The World Wide Web is an enormous easily accessible source of information and databases that provides easy access to a number of people, companies, agencies and many other sources. This brings about concerns about privacy on the Internet. Consumer privacy has received substantial attention as we move into the new age of online business environment. The growth of the Internet has developed many new concerns for the future about protecting the privacy of the consumers.

     New technologies, increasing data collection, changing market trends and the new global market place for e-commerce are contributing

    to the increasingly important role of information in the global economy. As such information particularly has become a valuable commodity that can bring jobs, businesses and customer services. Hence, these factors have created a mounting pressure to collect, hold, process and use personal data, more than before. These factors also have reduced the level of privacy and consumer confidence is lacking in such environment.[4]

     In some cases, the companies’ failure to disclose the basic

    technology and data-gather characteristics of their websites has become the focus of major concerns. The users feel that the website providers are being “sneaky” in gathering the data behind the scenes without informing

    them of what is going on. For the companies involved, this suggestion that they are involved in such practices of surveillance and unauthorized purposes can create a serious reputation issue and discourage web users from visiting their sites. For future solutions to these concerns regarding marketing and privacy issues, several technical strategies have been developed to help prevent or guard against not knowing or identifying websites and users called data magnets. They include cookies, web beacons (or web bugs, which are inserted in the software code of websites and commercial emails to track visits and movements and build profiles), data aggregation (collection of personal email addresses and transmission of third party sales or marketing), personalization and software downloads and data sharing between community sites. All these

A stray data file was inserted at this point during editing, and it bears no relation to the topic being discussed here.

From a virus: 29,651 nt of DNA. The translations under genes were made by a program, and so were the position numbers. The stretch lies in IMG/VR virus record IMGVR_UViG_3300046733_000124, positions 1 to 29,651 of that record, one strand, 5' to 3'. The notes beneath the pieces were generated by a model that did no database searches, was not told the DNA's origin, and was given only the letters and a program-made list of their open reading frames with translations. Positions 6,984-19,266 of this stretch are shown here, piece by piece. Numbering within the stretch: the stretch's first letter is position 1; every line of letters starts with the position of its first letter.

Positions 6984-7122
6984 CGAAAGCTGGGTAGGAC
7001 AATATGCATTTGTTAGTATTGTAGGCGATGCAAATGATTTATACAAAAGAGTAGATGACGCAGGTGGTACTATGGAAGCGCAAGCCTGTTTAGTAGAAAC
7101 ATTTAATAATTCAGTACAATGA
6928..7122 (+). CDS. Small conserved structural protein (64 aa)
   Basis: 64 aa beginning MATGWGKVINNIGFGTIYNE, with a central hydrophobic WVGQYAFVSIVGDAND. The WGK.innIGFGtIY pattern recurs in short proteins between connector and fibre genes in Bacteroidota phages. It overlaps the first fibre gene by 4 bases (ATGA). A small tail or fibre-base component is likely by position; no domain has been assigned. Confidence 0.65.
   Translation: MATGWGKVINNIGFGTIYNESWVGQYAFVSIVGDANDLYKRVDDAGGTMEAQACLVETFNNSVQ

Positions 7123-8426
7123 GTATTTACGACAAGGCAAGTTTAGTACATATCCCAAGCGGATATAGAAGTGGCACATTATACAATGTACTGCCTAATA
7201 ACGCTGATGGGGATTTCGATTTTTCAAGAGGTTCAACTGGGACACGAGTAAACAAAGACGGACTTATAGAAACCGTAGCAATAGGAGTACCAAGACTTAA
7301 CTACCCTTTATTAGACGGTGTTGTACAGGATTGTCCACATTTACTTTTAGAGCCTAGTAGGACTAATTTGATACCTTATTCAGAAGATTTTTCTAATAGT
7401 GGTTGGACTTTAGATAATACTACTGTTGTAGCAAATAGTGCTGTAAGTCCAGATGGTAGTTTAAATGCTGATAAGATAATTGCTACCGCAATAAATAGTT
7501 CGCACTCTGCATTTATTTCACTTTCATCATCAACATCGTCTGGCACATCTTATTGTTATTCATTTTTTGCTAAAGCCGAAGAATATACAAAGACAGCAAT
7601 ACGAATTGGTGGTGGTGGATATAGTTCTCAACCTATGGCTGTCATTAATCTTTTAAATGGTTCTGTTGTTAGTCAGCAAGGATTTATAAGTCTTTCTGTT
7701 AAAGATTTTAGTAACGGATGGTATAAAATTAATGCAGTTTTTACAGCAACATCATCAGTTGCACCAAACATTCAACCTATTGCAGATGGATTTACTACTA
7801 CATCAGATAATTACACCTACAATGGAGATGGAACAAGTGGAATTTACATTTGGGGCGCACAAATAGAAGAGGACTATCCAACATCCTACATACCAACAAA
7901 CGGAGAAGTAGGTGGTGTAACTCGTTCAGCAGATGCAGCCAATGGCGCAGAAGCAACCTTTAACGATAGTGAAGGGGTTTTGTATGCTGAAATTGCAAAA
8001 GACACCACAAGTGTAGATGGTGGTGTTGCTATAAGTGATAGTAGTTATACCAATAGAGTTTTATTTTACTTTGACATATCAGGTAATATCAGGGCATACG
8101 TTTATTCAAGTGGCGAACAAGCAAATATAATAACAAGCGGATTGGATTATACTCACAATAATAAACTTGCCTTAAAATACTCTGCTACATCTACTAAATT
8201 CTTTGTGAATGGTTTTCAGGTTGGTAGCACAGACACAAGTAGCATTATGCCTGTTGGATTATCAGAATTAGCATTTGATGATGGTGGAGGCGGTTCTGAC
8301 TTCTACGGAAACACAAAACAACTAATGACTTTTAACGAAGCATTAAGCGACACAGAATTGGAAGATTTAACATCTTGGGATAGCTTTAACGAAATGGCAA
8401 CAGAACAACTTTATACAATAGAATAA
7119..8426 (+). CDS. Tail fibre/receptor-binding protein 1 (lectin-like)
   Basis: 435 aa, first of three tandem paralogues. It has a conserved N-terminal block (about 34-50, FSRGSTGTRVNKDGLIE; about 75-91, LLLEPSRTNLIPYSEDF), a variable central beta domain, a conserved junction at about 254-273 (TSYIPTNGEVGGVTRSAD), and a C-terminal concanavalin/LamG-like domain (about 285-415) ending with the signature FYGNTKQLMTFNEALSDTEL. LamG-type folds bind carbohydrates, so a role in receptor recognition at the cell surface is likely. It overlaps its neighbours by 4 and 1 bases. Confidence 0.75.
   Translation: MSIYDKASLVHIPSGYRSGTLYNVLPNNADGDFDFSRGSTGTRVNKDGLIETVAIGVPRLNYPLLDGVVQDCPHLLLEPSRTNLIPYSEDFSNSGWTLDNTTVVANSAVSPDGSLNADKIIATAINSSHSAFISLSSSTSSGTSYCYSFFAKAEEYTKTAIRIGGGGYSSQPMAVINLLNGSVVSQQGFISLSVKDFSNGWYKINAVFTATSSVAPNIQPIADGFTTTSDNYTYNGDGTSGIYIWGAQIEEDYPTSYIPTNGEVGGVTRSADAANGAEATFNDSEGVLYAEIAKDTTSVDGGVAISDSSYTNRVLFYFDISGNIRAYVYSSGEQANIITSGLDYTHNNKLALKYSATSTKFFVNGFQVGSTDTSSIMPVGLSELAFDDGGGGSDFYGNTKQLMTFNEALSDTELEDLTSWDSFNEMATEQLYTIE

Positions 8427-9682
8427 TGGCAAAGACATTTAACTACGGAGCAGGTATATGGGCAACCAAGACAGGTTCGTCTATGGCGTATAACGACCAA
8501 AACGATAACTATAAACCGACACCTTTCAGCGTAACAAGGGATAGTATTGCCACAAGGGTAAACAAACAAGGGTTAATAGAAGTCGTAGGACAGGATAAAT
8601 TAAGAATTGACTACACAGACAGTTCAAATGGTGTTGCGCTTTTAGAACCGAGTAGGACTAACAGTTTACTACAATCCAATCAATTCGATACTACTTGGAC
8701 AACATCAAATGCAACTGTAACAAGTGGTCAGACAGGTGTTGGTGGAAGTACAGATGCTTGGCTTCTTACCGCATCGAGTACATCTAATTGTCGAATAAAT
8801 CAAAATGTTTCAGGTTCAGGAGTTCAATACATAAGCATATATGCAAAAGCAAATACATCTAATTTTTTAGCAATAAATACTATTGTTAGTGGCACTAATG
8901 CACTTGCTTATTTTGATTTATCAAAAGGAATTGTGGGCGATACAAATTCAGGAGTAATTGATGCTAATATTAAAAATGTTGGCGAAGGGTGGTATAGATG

strategies have given rise to the protection of privacy issues for the future of e-commerce. We must determine at what level or beyond to proceed on this course for the protection of consumer privacy in our new world of online technology. As online users, we need to look for the “privacy policy” of the online services. Most Internet Service Providers (ISP) has adopted privacy policies that they post on their web sites and other user documentation. When you surf the web, look for the privacy policies posted on the web sites you visit. Also, look for the privacy “seal” such as TRUSTe or BBBOnline. If you are not satisfied with the policy, or if there is no policy or seal logo posted, you should avoid using the site.

     Consumers have several choices that are available to them in helping to protect their own privacy when using or conducting on-line activity. They can choose to opt-out of subscriber or data gathering information segments while on-line. Many websites will offer domain registration or semi-private activities or services that you can click on to accept or decline giving any additional information or continuing to proceeds through the offered services during a transaction or use of the website. The customer or consumer can choose to leave or back out of the site.